Although Fulham have just about the worst record of any club against their main local rivals - nine wins in 79 meetings now and one since 1979 - four of the last five League matches had been drawn before today and until Oscar's goal early in the second half they looked capable of achieving another. They did not, however, take their two good chances and were punished further by that collector's item, a goal by Jon Obi Mikel. It was his first in the League and only a third in almost 300 games, which sent many supporters home with a smile after all. Adding to their pleasure, their neighbours drop into the bottom three.

Afterwards Mourinho pointed to the League table in defence of his decision to leave Juan Mata not only out of the starting XI again but out of the squad. The manager has made it obvious that he regards the gifted Brazilian Oscar as first-choice for the creative playmaker's role just behind the main striker, one which he grew into today, improving during the second half as the rest of his team did. On Mata, Mourinho said: “He must work and adapt to a certain way of playing and has to learn to play the way I want - be more consistent and more participative when the team lose the ball.”

It was still significant that with less than half an hour gone, Oscar, Andre Schurrle - who had been ineffective as a centre forward away to Manchester United - and Eden Hazard had all done a shift in the central role with equally little success. Samuel Eto'o, in whom he has invested so much faith, played unimpressively in front of them and later made way for Fernando Torres, in whom Mourinho seems to have far less belief.

“The result was better than the result against Everton, but I think we played much better against Everton than we did today,” Mourinho added. “After a bad start that everybody kept telling me is the worst start for about a decade, I go to bed and look at the table nobody is in front of us.”

Four players did drop out after the loss to Basle - David Luiz and the midfield trio Willian, Marco van Ginkel and Frank Lampard. John Terry came in at the back and looked solid alongside Gary Cahill. They were caught out only once, when Darren Bent's pace should have given Fulham the lead. Pajtim Kasami, playing just behind him, sent a perfect pass between the two centre backs but the former England striker, just onside, allowed Petr Cech to save with his foot.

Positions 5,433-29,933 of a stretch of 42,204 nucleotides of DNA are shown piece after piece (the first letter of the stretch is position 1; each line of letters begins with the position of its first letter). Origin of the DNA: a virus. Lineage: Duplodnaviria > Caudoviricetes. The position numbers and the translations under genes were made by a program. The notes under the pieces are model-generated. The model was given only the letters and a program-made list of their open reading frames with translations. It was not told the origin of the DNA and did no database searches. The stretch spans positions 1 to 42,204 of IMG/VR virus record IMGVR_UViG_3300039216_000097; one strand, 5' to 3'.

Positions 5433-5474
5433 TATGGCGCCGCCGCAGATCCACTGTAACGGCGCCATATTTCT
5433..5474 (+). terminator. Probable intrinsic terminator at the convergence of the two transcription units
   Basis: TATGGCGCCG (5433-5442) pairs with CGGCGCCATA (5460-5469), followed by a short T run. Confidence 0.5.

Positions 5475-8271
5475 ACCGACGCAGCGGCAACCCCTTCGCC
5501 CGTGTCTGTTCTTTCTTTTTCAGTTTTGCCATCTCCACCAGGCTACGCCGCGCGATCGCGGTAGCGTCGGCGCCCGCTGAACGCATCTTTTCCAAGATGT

That was by far the best opportunity of the first half, David Stockdale in the visitors' goal being required to make no more than one save from the excellent Branislav Ivanovic, in between fielding crosses and corners.

Not surprisingly the away fans were by far the more satisfied come the interval, even chanting the name of their manager, who had been the subject of isolated calls for his head following last Saturday's draw at home to West Bromwich Albion. From the same end of the ground came taunts of  “you're not special anymore” at Mourinho, who must surely have used equally harsh words to his team in the dressing-room.

Jol said: “At half-time we were really pleased, but in the second half they were more aggressive than us.” That aggression, a determination to win more balls, led to a goal seven minutes after the resumption when Stockdale could not hold shots from either Schurrle, cutting in from the left, or Eto'o, leaving Oscar with an easy task to put Chelsea ahead, as he had done against Basle.

Jol summoned the mercurial Adel Taarabt and there was an immediate reminder that the lead needed to last longer than the 25 minutes on Wednesday: Kasami flighted a free-kick beyond the far post, where Steve Sidwell headed weakly wide.

With seven minutes to play a header by Torres forced a fine save from Stockdale and from the resulting corner Terry headed down for  Mikel to convert with an acrobatic effort for his first goal in any competition since January 2007.

Mourinho, meanwhile, has lived up to his promise to help English football by agreeing that his assistant Steve Holland should become the permanent coach to the Under-21 team under Gareth Southgate. Holland, who was briefly manager of Crewe, will stay at Chelsea, where on this evidence he still has plenty of work to do - top of the table or not.

Chelsea (4-2-3-1): Cech; Ivanovic, Cahill, Terry, Cole; Ramires, Mikel; Schürrle (Lampard, 80), Oscar, Hazard (De Bruyne, 85); Eto’o (Torres, 64).

Fulham (4-4-1-1): Stockdale; Riether, Hangeland, Amorebieta, Richardson; Duff (Taarabt, 64), Sidwell, Parker, Kacaniklic (Na Bangna, 72) Kasami (Rodallega, 85); Bent.

Man of the match Ivanovic.

Match rating 5/10.

Referee Andre Marriner.

West Bromwich Albion 3 Sunderland  0 match report: Sunderland patience with Paolo Di Canio is running out

The pin is being prised loose from the human grenade. Paolo Di Canio refused to countenance change despite a calamitous Sunderland performance against West Bromwich Albion at the Hawthorns yesterday.